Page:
Holding: In GS Cleantech Corp. v. Adkins Energy LLC, 951 F.3d 1310 (Fed. Cir. 2020), the U.S. Court of Appeals for the Federal Circuit (Judges Reyna, Wallach, and Hughes) affirmed the District Court’s ruling that CleanTech’s Patents-in-Suit are unenforceable due to inequitable conduct by the inventors and CleanTech’s attorneys. CleanTech subsequently filed a petition at the Federal Circuit for rehearing en banc, but the petition was denied.
Background: Starting in 2009 and continuing through 2014, GS CleanTech Corporation and Greenshift Corporation (together, “CleanTech”) filed lawsuits against a number of parties, including Adkins Energy, LLC (Adkins), for infringing CleanTech’s patents covering an oil recovery system. The disputed patents include U.S. Patent No. 7,601,858, No. 8,008,516, No. 8,008,517, and No. 8,283,484 (together, “Patents-in-Suit”) and share a common specification. The Patents-in-Suit are directed to the recovery of oil from a dry mill ethanol plant’s byproduct, called thin stillage.
Multitudinous actions were subsequently combined into a multidistrict litigation case. In 2013, both CleanTech and Adkins moved for summary judgement, and in response, the District Court found that the Patents-in-Suit were invalid because of the on-sale bar. Following the summary judgment determinations, the District Court held an inequitable conduct bench trial. Subsequently, the District Court ruled that the Patents-in-Suits were unenforceable due to inequitable conduct of the inventors and CleanTech’s attorneys. CleanTech appealed the District Court’s decision to the Federal Circuit, and the Federal Circuit affirmed.
In 2002, the inventors of the Patents-in-Suit (Cantrell and Winsness) met Barlage, who later performed testing of the inventor’s oil recovery system. See GS Cleantech, 951 F.3d at 1316.
A factual timeline related to on-sale bar determination is as follows:
Factual Background related to On-Sale Bar Determination
June 2003: Barlage tested the invention covered by Patents-in-Suit and drafted a report (“June 2003 Report”).
July 2003: Barlage traveled to Agri-Energy and performed additional testing. A drawing of the ethanol oil recovery system (“Ethanol Oil Recovery System Diagram”) was prepared.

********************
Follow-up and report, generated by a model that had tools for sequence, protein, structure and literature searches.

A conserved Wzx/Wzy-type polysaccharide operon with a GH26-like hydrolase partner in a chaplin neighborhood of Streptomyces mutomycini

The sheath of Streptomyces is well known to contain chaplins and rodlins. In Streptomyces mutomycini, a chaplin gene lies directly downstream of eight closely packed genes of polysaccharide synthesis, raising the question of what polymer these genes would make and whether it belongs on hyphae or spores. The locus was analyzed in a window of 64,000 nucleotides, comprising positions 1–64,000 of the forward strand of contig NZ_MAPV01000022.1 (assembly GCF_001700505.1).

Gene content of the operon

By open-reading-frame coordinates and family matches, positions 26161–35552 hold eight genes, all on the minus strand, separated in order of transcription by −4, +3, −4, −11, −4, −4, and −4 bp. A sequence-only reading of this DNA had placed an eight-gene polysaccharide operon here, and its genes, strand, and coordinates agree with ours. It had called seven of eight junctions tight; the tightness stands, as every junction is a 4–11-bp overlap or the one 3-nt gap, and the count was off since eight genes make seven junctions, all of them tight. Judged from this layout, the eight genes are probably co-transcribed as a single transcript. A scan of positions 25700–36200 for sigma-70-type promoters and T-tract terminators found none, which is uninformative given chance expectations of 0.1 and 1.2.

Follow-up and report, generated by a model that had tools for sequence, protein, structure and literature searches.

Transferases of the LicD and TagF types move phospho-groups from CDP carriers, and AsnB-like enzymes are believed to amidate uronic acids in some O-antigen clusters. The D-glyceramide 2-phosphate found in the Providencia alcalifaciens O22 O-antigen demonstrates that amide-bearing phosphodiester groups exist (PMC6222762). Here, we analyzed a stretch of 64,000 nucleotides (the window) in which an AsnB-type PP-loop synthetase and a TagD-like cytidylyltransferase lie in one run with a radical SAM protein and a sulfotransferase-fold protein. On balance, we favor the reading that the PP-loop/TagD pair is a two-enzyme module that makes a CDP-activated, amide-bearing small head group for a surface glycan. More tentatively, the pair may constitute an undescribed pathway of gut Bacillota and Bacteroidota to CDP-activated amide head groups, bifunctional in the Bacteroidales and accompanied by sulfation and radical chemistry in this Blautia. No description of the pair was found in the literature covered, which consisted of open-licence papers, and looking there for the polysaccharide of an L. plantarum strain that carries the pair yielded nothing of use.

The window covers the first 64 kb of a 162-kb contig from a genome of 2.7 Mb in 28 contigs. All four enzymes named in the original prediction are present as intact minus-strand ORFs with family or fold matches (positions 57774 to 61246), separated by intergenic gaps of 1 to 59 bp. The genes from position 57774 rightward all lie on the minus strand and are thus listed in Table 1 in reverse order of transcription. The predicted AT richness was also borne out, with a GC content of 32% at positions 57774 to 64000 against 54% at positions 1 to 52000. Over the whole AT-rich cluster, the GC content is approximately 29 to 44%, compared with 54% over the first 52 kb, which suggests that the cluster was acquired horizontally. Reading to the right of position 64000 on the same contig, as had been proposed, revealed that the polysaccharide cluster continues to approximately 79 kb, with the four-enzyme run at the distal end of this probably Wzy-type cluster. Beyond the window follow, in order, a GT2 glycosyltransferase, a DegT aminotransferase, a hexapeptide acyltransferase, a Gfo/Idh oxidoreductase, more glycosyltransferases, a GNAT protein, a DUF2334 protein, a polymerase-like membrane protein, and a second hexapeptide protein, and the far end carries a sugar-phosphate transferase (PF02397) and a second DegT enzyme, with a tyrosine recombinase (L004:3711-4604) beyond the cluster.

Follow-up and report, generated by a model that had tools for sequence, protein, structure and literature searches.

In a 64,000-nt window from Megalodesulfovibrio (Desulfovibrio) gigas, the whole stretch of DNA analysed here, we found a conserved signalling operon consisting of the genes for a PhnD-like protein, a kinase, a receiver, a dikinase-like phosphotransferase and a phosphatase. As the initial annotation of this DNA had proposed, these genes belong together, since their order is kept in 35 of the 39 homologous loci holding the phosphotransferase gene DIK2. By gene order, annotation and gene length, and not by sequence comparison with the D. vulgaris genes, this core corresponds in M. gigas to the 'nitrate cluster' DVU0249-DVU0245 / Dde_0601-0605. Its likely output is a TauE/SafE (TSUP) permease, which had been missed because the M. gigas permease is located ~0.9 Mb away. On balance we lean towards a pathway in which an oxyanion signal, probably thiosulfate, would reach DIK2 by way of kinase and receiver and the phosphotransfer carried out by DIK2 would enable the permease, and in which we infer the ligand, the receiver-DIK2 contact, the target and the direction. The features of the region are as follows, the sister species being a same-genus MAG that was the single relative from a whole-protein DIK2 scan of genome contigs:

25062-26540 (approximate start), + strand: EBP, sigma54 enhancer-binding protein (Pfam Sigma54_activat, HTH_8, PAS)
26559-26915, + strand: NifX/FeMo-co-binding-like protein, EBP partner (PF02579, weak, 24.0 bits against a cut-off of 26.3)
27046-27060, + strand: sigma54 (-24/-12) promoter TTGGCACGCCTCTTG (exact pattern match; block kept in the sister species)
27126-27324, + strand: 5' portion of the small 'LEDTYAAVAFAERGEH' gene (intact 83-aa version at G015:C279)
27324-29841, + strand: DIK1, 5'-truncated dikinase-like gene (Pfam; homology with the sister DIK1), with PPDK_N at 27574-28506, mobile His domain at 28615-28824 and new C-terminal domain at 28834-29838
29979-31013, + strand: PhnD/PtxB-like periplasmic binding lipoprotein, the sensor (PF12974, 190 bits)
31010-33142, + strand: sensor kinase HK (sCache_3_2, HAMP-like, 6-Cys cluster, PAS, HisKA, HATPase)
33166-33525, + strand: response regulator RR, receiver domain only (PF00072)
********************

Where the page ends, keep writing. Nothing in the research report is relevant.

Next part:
August 1, 2003: An inventor emailed (“August 2003 Email”) Agri-Energy a proposal dated July 31, 2003. (“July 2003 Proposal”), which Agri-Energy understood as an offer for purchase.
August 18, 2003: An inventor traveled to Agri-Energy to present the proposal to Agri-Energy’s board of directors.
August 17, 2004: Dorisio, a patent attorney for the inventors, filed a U.S. Provisional Patent Application, which set the on-sale bar date at August 17, 2003. That filing was more than one year later than all of the June, July, and August 1 events described above.May 2005: Dorisio filed a Non-Provisional Application.
The District Court granted summary judgment of invalidity due to an on-sale bar based on the facts set forth above in the timeline. Id. at 1321. In particular, the District Court found that the July 2003 Proposal, which was made before August 17, 2003, the critical date, was a commercial offer for sale; that Proposal contained the “major elements for a contract for the sale of a system that could perform the patented method . . . all items necessary to recover oil and the price.” Id. at 1322. In addition, the District Court found that the method described therein shows the invention had been “reduced to practice or/and there was sufficient description of the patented method.” Id. at 1321.
Following the summary judgment determinations, the District Court held an inequitable conduct bench trial to examine whether the pre-August 17, 2003 events noted above were material and whether CleanTech and/or CleanTech attorneys intentionally concealed from the USPTO the events they knew were material to an on-sale bar Id. at 1322.
During prosecution, CleanTech transferred its prosecution cases to the Cantor Colburn law firm. A relevant factual history during the prosecution of the Patents-in-Suit is as follows:
Factual Background related to Inequitable Conduct Determination